What can companies do:
- Use the Accountability Framework to understand and implement best practices for setting and achieving no-deforestation and no-conversion goals.
- Disclose progress regularly and comprehensively through the CDP Forests questionnaire which is aligned with the Accountability Framework’s Core Principles.
- Join CDP’s Supply Chain program to support informed supplier engagement.
On 25th May CDP and AFi will be co-hosting a webinar. Companies can register now to learn more about the joint report’s disclosure analysis and recommendations for achieving deforestation-free supply chains.
Thomas Maddox, Global Director, Forests, CDP, said:
“The importance of forests cannot be underestimated. Billions of people rely on forests and they play a crucial role in climate mitigation and adaptation. Yet deforestation continues almost unchecked. Last year, a further 11 million hectares of tropical forest were lost.  Large scale production of agricultural commodities is the primary driver. But societal acceptance is shifting, generating significant business risks for all involved. Companies are starting to respond, but they are far from where they need to be. We need more investors to demand the eradication of deforestation from their portfolios. We need more companies to commit to, and deliver, deforestation-free supply chains. And we need them all to join CDP to drive change and track progress..
Jeff Milder, Director, Global Policy & Coalitions at Rainforest Alliance(also Director of the Accountability Framework initiative)
"As this report highlights, attention around eliminating commodity-driven deforestation has rightly shifted beyond commitments to focus on action. While we find major gaps in areas such as traceability, supplier engagement, and monitoring, the progress achieved by leading companies shows us that transforming business to address deforestation risk is well within reach. The bar is not set too high: by scaling up the adoption of known solutions we can go far toward reaching it on an industry-wide basis".
Notes to editor
For more information or exclusive interviews, please contact:
- Maddy Bravery, CDP, [email protected]
- Zara Maung, Accountability Framework initiative, Rainforest Alliance, [email protected]
CDP is a global non-profit that runs the world’s environmental disclosure system for companies, cities, states and regions. Founded in 2000 and working with more than 680 financial institutions with over $130 trillion in assets, CDP pioneered using capital markets and corporate procurement to motivate companies to disclose their environmental impacts, and to reduce greenhouse gas emissions, safeguard water resources and protect forests. Over 14,000 organizations around the world disclosed data through CDP in 2021, including more than 13,000 companies worth over 64% of global market capitalization, and over 1,100 cities, states and regions. Fully TCFD aligned, CDP holds the largest environmental database in the world, and CDP scores are widely used to drive investment and procurement decisions towards a zero carbon, sustainable and resilient economy. CDP is a founding member of the Science Based Targets initiative, We Mean Business Coalition, The Investor Agenda and the Net Zero Asset Managers initiative. Visit cdp.net or follow us @CDP to find out more.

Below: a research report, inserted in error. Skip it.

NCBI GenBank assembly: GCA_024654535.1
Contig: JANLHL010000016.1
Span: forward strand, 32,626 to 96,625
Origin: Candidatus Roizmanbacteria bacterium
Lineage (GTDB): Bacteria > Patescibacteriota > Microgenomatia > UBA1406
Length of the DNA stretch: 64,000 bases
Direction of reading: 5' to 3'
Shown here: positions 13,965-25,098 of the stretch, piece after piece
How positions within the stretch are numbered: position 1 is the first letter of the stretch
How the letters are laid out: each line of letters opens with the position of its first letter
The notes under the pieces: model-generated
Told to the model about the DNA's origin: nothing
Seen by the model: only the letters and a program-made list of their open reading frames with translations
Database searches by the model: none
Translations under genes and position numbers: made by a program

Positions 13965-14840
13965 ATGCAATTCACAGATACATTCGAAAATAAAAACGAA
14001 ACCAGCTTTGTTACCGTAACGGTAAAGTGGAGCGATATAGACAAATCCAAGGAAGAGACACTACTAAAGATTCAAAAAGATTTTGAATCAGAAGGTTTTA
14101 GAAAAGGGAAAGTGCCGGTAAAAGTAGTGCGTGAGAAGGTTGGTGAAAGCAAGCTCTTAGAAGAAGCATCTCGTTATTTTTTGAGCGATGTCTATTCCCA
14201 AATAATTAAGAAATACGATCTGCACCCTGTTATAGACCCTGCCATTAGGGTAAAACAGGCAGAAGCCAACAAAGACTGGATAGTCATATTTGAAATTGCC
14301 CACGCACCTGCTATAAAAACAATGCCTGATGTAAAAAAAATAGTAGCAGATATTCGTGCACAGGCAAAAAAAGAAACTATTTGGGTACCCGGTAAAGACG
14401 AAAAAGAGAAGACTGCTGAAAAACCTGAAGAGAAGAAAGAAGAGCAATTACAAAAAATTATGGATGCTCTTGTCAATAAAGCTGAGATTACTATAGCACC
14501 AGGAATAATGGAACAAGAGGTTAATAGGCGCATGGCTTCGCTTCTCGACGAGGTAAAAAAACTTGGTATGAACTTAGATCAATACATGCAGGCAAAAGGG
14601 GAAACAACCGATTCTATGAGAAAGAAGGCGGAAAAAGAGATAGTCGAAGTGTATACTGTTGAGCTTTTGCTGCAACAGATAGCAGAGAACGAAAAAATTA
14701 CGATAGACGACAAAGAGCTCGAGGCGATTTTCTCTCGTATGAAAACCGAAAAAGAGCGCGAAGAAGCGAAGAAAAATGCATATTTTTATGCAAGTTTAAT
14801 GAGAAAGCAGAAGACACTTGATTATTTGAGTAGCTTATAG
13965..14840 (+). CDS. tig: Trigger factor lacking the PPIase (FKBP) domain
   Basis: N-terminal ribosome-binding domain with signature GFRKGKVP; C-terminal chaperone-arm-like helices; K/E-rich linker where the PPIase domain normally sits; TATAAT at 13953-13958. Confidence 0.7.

The Accountability Framework initiative (AFi) is a collaborative effort to build and scale up ethical supply chains for agricultural and forestry products. Led by a diverse global coalition of environmental and human rights organizations, the AFi works to create a “new normal” where commodity production and trade are fully protective of natural ecosystems and human rights.
To pursue this goal, the AFi developed and supports application of the Accountability Framework, a practical, consensus-based guide for achieving and monitoring ethical supply chains. The Framework brings together accepted international norms, best practices, and expectations of commodity buyers, investors, and civil society into a single integrated resource for effective action to address the deforestation, conversion, and human rights impacts of supply chain.
The AFi coalition supports companies and other stakeholders in using the Accountability Framework to set strong supply chain goals, take effective action, and track progress to create clear accountability and incentivize rapid improvement.
Learn more at www.accountability-framework.org.